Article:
As the mystery surrounding the man who calls himself Clark Rockefeller deepens, authorities are more determined than ever to figure out who he really is.
Suffolk County (Mass.) District Attorney Dan Conley says his office will find out the true identity of the father accused of snatching his 7-year-old daughter off a Boston street — and will prosecute him to the full extent of the law.
“Whoever this individual is — and we know for sure it’s not Clark Rockefeller — he’s a very sophisticated, scheming, lying individual,” Conley told TODAY co-host Meredith Vieira on Wednesday. “He’s been getting away with this apparently for many, many years.
“It’s going to be difficult. It’s been disconcerting not to know exactly who he is. But we’ve been confronted with situations like this in Boston in the past, and we’ve never failed to identify the person we have in custody.”
The mystery man, divorced from wife Sandra Boss, was arraigned in Boston Municipal Court on Tuesday. He was flown from Baltimore, where he was captured on Saturday to end an ill-fated, six-day attempt to take their daughter, Reigh, away from her mother’s custody.
And now California authorities want to question him to see if he is linked to a missing persons case from the 1980s.
But Assistant District Attorney David Deakin told the court that even after thousands of hours of collaboration between the FBI, Homeland Security and local and state officials, the true identify of Clark Rockefeller still is not yet known.
“We’re confident that eventually — and it’s going to take some time — we’re going to find out exactly who he is,” Conley vowed.
Rockefeller is charged with felony parental kidnapping, assault and battery and assault and battery with a dangerous weapon.
He appeared unkempt, wearing the same shirt and dark-framed glasses as the day of his arrest, as Deakin told the judge how Rockefeller, 48, snatched his daughter from a supervised visit in an intricately planned kidnapping that led to a six-day manhunt.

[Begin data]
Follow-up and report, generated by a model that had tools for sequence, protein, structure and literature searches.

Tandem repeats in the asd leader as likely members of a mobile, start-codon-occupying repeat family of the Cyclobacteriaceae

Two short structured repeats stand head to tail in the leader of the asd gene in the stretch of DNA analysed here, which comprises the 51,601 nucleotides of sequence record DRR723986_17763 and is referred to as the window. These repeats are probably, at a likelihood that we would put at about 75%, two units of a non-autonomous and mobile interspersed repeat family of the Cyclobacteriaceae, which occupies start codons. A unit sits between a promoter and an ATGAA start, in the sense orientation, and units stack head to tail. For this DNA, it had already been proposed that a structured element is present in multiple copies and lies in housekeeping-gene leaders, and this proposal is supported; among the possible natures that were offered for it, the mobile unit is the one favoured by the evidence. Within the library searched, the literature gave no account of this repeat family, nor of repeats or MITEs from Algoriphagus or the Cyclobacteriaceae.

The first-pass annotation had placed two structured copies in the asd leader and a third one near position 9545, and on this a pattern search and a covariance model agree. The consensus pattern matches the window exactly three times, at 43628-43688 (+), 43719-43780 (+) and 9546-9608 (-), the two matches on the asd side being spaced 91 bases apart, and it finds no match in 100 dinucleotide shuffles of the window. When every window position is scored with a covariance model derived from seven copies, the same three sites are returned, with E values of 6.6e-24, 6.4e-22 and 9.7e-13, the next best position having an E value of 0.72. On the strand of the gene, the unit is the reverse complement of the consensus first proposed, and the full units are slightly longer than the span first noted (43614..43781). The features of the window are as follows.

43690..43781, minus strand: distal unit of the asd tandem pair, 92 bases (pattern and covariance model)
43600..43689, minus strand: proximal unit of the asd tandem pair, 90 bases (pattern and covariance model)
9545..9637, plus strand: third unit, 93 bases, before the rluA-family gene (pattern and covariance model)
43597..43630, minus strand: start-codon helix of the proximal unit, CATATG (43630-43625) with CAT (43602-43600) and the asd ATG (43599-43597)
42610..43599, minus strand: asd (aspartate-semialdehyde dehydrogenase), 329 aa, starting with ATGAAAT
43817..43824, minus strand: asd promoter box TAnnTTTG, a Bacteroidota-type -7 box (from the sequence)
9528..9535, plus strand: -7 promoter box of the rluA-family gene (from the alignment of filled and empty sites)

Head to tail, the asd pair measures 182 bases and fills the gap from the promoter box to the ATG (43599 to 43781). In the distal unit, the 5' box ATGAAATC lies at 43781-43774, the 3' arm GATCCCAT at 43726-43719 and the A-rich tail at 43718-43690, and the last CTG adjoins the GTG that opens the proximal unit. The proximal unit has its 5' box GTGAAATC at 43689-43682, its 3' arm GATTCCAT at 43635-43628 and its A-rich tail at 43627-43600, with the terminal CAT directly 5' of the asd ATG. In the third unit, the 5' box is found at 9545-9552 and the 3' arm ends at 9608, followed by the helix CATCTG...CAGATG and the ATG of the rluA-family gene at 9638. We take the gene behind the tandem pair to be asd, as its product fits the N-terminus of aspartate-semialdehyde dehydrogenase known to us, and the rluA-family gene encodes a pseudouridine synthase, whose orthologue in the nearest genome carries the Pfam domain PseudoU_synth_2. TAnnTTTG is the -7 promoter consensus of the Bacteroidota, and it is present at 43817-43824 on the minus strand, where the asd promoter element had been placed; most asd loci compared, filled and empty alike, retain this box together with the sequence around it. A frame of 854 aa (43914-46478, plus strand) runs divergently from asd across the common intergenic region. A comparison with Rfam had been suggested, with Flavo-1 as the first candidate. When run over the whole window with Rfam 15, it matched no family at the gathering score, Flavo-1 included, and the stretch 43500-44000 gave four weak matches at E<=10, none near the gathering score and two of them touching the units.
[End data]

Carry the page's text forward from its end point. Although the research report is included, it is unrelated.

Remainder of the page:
Deakin said the man had not provided any information about himself prior to 1993, and that he could not even verify that Rockefeller was a U.S. citizen.
Conley said prosecutors from his office have spoken to Rockefeller's ex-wife and indicated that suspicions about his true identity were a major factor in their divorce last year.
“She had suspicions shortly after they married [in 1993] that he wasn’t who he said he was, and ultimately, if you look at the divorce proceedings and documents, that was a big issue in the case,” Conley told Vieira.
“She had some suspicions early on, and she has been cooperative with law enforcement.”
Stephen Hrones, Rockefeller’s attorney, said his client’s legal name is, in fact, Clark Rockefeller. He also argued that Rockefeller could not be convicted of kidnapping if he was taking his own child.
But Conley said Rockefeller still clearly went afoul of the law. “Steve Hrones is an excellent criminal defense attorney in Boston, with a good reputation, but I think he’s wrong on this case,” Conley told Vieira. “We have a statute that specifically addresses this type of situation. This defendant was under a court order to have three or four supervised visits a year. He broke that court order. He abducted his child with no authority.
“He set off a massive law enforcement response in Boston that was extremely costly,” Conley added. “He assaulted a social worker. His daughter was injured. He took her off the ground and threw her into the vehicle. She was injured. This was a violent episode. He needs to be held accountable.”
The Los Angeles County Sheriff’s Department has confirmed it is sending two homicide detectives to Boston to interview Rockefeller to see if he has any connection to an unsolved disappearance and possible murder case.
The Boston Globe reported that Rockefeller’s fingerprints were linked to an out-of-state license